Valkyrie Blu-ray Review
Picture'Valkyrie' arrives on Region A locked Blu-ray with a superb 1080p AVC/MPEG-4 transfer that's nicely framed at 1.85:1.
The skin tones avoid a Hollywood tanned look, instead going for a more realistic visual appeal. Blacks are pretty solid and contrast levels are consistently excellent. The use of fairly drab surroundings makes the scarlet of the Nazi flag leap out from the screen.The image is very sharp throughout with no hint of oversharpening. The detail in close-ups is fantastic as the pores on Tom Cruise face come in for some scrutiny. There is some grain visible and, while not intrusive, this would appear to tie in with the gritty look of the movie. To have attempted to make this movie look glossy by the use of make-up and lighting would have been totally wrong. Thus, the transfer is faithful to the director's perceived representation and so enhances the believability and period look of the picture. This is what I would call a handsome movie.
The audio comes in a DTS-HD MA 5.1 surround flavour and, boy, is it dynamic!
This is a dialogue led piece, so the speech is locked firmly to the centre channel with a clinical crispness that commands your attention. Too great use of surround effects would have been distracting so they are used sporadically to maximize their impact. The surrounds come into play during the South Africa sequence as trucks go by and when the explosion goes off that could have killed Stauffenberg all 6 speakers kick in. The subwoofer gets a good test, as in the scene where Stauffenberg and his family take shelter at home from an air raid. The bombs go off with such a realistic thump that it makes you leap out of your skin. A very intelligently mixed track with no effects just for effects sake - and the movie's all the better for it.
On Disc 2 we have a Digital copy of the movie for those who'd rather watch it on their PCs, but on Disc 1 we have the following fine list of bonus material.
- Audio Commentaries:
We have a choice of two commentaries on this disc. The first features Tom Cruise, Bryan Singer, and writer Christopher McQuarrie while the second features McQuarrie and co-writer Nathan Alexander. Between the two we get a fairly comprehensive overview of the movie with each contributor chipping in with his own views.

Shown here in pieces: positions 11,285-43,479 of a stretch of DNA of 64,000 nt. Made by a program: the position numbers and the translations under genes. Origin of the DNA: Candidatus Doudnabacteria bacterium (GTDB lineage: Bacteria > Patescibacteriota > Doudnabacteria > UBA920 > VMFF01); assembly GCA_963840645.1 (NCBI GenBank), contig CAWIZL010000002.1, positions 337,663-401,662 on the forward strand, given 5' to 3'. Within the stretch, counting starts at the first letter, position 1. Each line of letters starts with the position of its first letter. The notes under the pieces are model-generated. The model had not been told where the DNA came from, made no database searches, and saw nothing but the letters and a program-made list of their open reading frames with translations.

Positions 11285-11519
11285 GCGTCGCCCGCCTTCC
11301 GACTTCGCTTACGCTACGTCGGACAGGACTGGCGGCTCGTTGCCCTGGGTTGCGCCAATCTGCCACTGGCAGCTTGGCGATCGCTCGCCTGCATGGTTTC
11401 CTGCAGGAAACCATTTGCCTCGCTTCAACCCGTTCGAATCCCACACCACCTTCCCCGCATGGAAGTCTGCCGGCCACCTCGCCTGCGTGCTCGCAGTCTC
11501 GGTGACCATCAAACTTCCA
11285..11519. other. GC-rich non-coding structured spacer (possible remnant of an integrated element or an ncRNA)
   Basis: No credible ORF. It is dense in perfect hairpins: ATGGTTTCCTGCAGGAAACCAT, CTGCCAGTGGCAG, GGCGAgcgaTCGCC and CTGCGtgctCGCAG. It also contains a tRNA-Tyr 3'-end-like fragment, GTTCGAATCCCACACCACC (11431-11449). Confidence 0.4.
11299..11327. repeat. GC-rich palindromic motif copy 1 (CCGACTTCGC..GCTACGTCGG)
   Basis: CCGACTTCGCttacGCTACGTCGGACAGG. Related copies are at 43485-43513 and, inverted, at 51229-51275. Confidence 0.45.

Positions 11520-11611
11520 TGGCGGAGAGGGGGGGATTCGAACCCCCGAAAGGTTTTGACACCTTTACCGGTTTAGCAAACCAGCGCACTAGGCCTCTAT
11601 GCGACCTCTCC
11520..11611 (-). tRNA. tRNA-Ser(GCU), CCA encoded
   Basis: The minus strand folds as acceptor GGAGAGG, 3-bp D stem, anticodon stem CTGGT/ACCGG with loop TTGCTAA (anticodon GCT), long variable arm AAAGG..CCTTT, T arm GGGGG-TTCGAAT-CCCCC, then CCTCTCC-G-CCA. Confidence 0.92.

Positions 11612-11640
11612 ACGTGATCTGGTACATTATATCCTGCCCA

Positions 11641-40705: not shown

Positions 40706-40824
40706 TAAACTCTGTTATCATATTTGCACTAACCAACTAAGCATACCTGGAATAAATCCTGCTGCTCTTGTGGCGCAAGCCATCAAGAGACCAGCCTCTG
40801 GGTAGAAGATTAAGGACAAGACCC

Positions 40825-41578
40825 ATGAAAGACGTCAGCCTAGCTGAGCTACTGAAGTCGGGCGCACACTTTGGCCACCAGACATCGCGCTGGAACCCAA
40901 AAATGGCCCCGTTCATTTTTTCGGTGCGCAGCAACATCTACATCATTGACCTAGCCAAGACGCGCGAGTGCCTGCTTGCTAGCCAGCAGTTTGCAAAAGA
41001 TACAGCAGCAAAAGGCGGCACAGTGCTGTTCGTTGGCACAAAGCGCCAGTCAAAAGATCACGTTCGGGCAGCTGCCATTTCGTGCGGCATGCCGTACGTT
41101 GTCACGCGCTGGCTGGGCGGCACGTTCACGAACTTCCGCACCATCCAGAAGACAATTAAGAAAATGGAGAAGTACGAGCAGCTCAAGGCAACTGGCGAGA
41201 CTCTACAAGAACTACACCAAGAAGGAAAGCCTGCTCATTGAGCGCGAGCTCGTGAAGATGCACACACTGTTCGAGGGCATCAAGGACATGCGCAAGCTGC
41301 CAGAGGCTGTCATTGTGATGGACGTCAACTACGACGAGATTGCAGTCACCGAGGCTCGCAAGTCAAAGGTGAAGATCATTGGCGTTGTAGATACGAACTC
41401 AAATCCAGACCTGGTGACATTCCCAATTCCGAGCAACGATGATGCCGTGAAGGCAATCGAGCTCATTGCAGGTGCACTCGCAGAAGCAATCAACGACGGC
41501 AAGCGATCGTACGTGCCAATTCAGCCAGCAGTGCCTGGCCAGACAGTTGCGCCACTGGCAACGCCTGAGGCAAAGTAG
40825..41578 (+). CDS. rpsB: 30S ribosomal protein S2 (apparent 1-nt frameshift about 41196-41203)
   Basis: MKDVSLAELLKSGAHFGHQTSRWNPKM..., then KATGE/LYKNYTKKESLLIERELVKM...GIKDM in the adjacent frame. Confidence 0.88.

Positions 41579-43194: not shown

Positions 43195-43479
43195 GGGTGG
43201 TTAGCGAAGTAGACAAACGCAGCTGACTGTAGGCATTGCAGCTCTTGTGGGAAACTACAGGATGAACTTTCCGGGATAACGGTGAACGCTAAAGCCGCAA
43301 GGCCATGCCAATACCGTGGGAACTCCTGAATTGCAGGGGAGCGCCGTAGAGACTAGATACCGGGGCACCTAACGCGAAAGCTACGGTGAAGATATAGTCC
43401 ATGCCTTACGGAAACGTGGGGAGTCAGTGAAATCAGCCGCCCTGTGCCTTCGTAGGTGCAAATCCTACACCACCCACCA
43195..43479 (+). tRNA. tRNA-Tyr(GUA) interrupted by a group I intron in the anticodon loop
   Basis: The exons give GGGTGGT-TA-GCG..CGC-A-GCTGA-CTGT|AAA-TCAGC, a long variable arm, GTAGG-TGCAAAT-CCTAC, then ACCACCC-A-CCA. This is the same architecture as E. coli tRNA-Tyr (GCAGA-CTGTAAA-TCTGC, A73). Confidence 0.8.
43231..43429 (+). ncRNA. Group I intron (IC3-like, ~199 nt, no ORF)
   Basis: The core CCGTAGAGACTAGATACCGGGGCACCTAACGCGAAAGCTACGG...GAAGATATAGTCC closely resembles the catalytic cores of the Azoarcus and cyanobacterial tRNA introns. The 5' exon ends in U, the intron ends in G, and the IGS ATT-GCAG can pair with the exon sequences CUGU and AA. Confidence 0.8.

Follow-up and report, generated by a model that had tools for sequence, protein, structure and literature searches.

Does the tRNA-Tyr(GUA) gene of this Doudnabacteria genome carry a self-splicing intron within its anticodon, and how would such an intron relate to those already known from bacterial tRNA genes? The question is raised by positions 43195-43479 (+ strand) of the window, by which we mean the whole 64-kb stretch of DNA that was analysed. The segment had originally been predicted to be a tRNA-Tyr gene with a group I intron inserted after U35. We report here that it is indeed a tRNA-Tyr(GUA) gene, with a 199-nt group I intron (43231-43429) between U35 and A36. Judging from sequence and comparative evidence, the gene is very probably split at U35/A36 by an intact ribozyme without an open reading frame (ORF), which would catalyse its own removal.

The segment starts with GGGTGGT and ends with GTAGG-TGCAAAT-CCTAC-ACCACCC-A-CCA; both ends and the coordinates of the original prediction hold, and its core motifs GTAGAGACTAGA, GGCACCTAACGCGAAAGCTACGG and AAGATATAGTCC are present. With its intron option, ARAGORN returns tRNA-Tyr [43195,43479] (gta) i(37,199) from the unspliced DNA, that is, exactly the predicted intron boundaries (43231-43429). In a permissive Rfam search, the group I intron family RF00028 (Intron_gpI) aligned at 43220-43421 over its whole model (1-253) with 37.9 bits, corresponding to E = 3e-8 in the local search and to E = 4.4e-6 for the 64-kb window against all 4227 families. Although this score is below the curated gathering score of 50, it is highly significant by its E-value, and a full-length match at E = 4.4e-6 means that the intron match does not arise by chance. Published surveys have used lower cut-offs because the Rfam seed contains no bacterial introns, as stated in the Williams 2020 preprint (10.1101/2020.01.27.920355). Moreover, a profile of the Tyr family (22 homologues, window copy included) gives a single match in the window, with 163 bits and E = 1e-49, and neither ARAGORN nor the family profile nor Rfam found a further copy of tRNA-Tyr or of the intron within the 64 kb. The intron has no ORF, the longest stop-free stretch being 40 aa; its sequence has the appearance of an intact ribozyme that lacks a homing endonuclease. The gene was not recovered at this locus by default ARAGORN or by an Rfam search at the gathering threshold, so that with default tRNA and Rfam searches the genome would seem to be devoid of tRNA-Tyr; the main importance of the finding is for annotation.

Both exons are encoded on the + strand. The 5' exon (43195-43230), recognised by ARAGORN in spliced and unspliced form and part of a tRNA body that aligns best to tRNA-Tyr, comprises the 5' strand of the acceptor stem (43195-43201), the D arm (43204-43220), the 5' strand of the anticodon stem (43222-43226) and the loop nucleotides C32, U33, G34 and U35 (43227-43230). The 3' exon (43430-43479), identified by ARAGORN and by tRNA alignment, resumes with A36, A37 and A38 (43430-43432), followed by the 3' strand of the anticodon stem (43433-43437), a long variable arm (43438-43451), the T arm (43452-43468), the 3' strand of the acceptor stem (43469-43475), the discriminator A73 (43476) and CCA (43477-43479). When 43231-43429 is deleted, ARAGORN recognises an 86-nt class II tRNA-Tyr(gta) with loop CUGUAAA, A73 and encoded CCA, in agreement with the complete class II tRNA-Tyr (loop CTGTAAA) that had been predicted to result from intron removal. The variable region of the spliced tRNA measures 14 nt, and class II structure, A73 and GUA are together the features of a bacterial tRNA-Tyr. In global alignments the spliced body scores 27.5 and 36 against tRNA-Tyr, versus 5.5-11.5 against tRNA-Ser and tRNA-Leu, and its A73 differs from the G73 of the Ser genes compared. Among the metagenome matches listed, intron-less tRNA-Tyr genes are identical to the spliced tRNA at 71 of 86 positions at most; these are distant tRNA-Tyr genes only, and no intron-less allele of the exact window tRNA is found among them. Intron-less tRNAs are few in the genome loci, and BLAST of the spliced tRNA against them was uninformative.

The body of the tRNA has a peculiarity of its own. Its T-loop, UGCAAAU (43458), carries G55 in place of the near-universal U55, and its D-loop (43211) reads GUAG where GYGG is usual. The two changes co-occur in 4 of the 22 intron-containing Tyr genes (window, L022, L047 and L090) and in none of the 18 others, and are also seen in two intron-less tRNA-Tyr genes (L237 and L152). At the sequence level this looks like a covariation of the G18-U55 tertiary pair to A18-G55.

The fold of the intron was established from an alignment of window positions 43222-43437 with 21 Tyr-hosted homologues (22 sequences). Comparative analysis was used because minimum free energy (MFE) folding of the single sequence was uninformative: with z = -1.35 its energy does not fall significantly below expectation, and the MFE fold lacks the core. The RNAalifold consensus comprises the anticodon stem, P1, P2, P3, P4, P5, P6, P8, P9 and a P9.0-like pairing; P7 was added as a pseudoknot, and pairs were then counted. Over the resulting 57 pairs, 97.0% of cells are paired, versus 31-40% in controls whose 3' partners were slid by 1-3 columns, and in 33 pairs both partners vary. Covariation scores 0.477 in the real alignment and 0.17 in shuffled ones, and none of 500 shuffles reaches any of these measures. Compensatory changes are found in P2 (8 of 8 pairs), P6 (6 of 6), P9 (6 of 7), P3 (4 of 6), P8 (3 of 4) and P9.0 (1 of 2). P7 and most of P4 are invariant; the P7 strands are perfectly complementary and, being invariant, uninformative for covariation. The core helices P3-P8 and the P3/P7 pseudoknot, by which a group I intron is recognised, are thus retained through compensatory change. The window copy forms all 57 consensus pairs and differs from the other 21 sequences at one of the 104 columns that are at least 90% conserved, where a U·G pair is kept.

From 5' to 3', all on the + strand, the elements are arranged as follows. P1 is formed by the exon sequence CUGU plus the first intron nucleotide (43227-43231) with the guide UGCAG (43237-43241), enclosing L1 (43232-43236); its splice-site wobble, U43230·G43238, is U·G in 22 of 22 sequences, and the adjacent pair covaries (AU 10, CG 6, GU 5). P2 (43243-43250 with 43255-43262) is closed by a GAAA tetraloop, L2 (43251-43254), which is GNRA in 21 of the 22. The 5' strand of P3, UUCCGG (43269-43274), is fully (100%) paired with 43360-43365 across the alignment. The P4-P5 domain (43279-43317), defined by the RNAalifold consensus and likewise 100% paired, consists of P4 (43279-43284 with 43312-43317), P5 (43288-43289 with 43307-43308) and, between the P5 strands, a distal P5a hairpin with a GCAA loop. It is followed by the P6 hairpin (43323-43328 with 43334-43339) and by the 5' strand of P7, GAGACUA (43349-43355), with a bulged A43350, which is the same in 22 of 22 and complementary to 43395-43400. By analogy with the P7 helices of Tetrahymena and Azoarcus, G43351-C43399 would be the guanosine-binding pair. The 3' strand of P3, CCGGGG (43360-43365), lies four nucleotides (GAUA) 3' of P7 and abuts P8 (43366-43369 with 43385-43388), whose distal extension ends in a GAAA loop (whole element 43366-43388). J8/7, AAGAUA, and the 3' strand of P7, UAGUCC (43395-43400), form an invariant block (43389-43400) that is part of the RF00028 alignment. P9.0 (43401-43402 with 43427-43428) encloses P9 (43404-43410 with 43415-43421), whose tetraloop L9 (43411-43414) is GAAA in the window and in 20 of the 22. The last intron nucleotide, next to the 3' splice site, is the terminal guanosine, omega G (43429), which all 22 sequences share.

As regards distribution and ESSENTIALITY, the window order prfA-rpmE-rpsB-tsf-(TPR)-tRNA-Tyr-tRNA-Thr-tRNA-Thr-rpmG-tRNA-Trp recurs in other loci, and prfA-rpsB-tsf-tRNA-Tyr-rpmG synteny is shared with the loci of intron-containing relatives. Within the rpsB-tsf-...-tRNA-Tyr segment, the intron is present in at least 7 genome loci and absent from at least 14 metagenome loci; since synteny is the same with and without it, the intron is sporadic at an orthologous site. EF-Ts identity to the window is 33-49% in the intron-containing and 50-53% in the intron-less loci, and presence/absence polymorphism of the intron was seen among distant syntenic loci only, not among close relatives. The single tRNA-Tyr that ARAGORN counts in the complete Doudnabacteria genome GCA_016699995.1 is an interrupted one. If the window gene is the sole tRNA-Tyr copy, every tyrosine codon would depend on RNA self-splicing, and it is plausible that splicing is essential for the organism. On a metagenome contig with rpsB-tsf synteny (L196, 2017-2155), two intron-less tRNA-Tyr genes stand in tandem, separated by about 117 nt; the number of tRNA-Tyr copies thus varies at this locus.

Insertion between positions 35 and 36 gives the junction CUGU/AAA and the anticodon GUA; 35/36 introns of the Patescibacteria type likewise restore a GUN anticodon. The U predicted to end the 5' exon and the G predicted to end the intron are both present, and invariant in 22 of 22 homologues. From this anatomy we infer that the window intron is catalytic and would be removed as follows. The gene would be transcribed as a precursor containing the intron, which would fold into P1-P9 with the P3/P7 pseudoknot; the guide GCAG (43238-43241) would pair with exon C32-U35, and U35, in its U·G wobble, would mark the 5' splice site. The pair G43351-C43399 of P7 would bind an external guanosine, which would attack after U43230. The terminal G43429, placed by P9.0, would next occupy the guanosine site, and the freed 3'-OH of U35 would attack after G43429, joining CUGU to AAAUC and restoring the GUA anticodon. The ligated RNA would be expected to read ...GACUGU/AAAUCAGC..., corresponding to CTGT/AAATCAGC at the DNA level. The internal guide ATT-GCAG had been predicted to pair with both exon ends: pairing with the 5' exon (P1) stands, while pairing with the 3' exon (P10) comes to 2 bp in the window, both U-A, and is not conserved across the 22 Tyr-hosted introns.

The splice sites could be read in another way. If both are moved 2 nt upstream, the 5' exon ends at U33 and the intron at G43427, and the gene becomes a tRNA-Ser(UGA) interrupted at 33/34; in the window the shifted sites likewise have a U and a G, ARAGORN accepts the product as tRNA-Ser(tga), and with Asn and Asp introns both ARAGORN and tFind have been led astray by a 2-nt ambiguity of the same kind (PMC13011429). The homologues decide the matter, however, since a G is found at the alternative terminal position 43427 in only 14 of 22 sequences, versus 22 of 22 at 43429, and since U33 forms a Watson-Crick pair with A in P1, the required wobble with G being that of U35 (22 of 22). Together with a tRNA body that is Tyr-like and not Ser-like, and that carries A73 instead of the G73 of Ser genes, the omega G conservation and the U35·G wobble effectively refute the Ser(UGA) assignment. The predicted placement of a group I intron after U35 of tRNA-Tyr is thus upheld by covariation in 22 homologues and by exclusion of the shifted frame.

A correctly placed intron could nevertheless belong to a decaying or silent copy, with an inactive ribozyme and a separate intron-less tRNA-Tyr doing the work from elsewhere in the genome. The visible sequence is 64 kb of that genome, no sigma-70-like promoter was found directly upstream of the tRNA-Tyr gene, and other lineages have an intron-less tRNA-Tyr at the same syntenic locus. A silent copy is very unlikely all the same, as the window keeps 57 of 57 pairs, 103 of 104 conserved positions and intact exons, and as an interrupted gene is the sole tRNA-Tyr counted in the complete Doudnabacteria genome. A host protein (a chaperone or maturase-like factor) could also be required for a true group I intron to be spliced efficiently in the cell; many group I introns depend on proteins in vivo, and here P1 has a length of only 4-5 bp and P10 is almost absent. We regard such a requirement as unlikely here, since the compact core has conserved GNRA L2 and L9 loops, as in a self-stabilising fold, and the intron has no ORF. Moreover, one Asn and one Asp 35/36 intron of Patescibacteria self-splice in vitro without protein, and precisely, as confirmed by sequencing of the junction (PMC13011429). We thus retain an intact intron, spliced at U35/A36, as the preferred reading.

- The Journey to Valkyrie (HD, 16 mins)
Here we have an interesting featurette which covers the amount of effort Singer and his crew went to in order to make the film as authentic as possible.
- The Road to Resistance: A Visual Guide (HD, 9 mins)
A fascinating documentary presented by Stauffenberg's grandson who takes us on a tour of places in Berlin that were of great importance to his grandfather. This helps make the link to reality for those who thought it was just another movie.
- The African Front Sequence (HD, 7 mins)
This short explains how the film makers planned the early scene including the choice of more realistic explosions rather than the typical Hollywood kaboom approach.
- Taking to the Air (HD, 7 mins)
Here we discover the benefits of using genuine war-planes rather than taking the more usual CGI route. Good to know for those of us who are tiring of the false look of CGI.
- 92nd Street Y Reel Pieces (SD, 38 mins)
This is a fairly chunky question and answer session filmed live at New York's 92nd Street Y Theatre with the Director, Bryan Singer, and star of the film, Tom Cruise who give us an insight into what drew them to this story.
- The Valkyrie Legacy (HD, 1Hr 54mins)
This is a documentary of truly epic proportions and it's almost as long as the main feature. It is jam packed full of interviews, photographs, and film footage covering the rise and fall of Nazi Germany. Despite its length it genuinely holds your interest and provides a lot of background that historians will love.
'Valkyrie' explodes on to Blu-ray with an intriguing story line about the July 20th assassination attempt on the life of Adolf Hitler. The first rate cast, headed up by Tom Cruise turn in very credible performances and the movie holds your interest during its full running time. We're presented with a particularly good looking 1080p AVC/MPEG-4 transfer, framed correctly at 1.85:1. The image is consistently sharp with realistic colour as befits the World War 2 period and subject matter.
The DTS-HD MA 5.1 lossless surround track is clean and crisp to help focus on the dialogue while the explosive effects make you jump out of your seat.
An interesting set of extras, including a 2 hour documentary provide a great package for historians and movie buffs alike.
Suggested retail price when reviewed: £24.79
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- Audio Commentaries: